Orations of Gregory of Nazianzus
by Gregory of Nazianzus
translated by Charles E. Browne & James E. Swallow
To Those Who Had Invited Him
Oration III: To Those Who Had Invited Him, and Not Come to Receive Him. Written ca. Easter, 362
How slow you are, my friends and brethren, to come to listen to my words, though you were so swift in tyrannizing over me, and tearing me from my Citadel Solitude, which I had embraced in preference to everything else, and as coadjutress and mother of the divine ascent, and as deifying man, I had especially admired, and had set before me as the guide of my whole life. How is it that, now you have got it, you thus despise what you so greatly desired to obtain, and seem to be better able to desire the absent than to enjoy the present; as though you preferred to possess my teaching rather than to profit by it? Yes, I may even say this to you: “I became a surfeit unto you before you tasted of me, or gave me a trial”—which is most strange.
And neither did you entertain me as a guest, nor, if I may make a remark of a more compassionate kind, did you allow yourselves to be entertained by me, reverencing this command if nothing else; nor did you take me by the hand, as beginning a new task; nor encourage me in my timidity, nor console me for the violence I had suffered; but—I shrink from saying it, though say it I must—you made my festival no festival, and received me with no happy introduction; and you mingled the solemn festival with sorrow, because it lacked that which most of all would have contributed to its happiness, the presence of you my conquerors, for it would not be true to call you people who love me. So easily is anything despised which is easily conquered, and the proud receives attention, while he who is humble before God is slighted.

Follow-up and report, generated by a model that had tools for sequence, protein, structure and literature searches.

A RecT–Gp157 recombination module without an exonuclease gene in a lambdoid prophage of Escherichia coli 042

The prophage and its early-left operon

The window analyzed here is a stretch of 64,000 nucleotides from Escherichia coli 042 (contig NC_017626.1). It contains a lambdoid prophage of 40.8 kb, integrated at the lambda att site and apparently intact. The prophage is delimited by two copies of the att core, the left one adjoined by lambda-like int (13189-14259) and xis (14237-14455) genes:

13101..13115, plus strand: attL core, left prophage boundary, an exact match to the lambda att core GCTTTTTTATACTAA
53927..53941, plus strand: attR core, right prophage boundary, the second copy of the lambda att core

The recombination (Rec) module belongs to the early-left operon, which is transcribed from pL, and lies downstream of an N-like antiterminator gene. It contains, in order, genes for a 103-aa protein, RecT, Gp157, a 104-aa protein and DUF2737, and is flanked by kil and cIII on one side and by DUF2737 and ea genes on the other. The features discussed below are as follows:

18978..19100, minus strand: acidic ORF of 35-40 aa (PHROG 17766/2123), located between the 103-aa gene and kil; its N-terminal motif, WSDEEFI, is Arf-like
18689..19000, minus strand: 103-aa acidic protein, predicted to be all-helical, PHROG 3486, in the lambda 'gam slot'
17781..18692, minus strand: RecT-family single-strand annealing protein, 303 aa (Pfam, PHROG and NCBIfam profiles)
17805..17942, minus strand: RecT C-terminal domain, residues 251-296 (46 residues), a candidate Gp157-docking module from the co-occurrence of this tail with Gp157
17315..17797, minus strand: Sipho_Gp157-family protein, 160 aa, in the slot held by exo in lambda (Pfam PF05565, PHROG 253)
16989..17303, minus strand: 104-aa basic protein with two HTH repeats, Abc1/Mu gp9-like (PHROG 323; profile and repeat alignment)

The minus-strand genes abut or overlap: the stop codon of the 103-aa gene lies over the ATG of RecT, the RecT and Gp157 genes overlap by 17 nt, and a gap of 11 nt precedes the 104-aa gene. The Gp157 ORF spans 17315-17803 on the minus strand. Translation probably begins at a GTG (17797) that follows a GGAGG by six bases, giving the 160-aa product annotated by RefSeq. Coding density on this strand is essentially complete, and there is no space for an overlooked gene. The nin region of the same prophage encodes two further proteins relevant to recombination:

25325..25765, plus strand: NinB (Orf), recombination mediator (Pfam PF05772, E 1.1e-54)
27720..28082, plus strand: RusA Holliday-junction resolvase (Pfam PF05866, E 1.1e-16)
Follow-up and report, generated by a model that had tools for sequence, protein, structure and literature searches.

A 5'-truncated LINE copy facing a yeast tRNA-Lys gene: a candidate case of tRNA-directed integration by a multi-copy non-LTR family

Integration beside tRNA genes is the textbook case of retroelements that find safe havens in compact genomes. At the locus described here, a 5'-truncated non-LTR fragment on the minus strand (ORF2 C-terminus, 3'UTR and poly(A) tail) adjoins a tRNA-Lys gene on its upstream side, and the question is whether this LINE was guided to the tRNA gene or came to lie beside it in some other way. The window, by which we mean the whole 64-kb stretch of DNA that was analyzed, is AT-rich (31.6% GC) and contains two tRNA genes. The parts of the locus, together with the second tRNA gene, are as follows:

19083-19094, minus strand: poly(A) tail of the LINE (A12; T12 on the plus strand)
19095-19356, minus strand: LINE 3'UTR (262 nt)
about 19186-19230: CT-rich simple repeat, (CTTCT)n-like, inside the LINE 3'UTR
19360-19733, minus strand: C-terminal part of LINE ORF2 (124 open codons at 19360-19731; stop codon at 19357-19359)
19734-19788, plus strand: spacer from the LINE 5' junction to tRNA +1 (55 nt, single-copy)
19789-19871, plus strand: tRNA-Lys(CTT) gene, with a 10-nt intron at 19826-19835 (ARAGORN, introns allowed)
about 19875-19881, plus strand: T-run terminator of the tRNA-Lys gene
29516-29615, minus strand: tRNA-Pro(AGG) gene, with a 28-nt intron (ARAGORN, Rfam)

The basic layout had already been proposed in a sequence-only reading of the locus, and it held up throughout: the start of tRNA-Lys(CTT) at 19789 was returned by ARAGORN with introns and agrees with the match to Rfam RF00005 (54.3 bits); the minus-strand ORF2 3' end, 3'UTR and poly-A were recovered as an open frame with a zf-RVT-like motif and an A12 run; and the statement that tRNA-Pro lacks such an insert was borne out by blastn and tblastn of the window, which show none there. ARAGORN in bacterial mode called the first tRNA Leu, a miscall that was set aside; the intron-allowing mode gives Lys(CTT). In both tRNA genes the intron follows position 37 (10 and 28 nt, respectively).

What will ye? Shall I be judged by you, or shall I be your judge? Shall I pass a verdict, or receive one, for I hope to be acquitted if I be judged, and if I give sentence, to give it against you justly? The charge against you is that you do not answer my love with equal measure, nor do you repay my obedience with honour, nor do you pledge the future to me by your present alacrity—though even if you had, I could hardly have believed it. But each of you has something which he prefers to both the old and the new Pastor, neither reverencing the grey hairs of the one, nor calling out the youthful spirit of the other.
There is a Banquet in the Gospels, and a hospitable Host and friends; and the Banquet is most pleasant, for it is the marriage of His Son. He calleth them, but they come not: He is angry, and—I pass over the interval for fear of bad omen—but, to speak gently, He filleth the Banquet with others. God forbid that this should be your case; but yet you have treated me (how shall I put it gently?) with as much haughtiness or boldness as they who after being called to a feast rise up against it, and insult their host; for you, though you are not of the number of those who are without, or are invited to the marriage, but are yourselves those who invited me, and bound me to the Holy Table, and shewed me the glory of the Bridal Chamber, then deserted me (this is the most splendid thing about you)—one to his field, another to his newly bought yoke of oxen, another to his just-married wife, another to some other trifling matter; you were all scattered and dispersed, caring little for the Bridechamber and the Bridegroom.
On this account I was filled with despondency and perplexity—for I will not keep silence about what I have suffered—and I was very near withholding the discourse which I was minded to bestow as a Marriage-gift, the most beautiful and precious of all I had; and I very nearly let it loose upon you, whom, now that the violence had once been done to me, I greatly longed for: for I thought I could get from this a splendid theme, and because my love sharpened my tongue—love which is very hot and ready for accusation when it is stirred to jealousy by grief which it conceives from some unexpected neglect. If any of you has been pierced with love’s sting, and has felt himself neglected, he knows the feeling, and will pardon one who so suffers, because he himself has been near the same frenzy.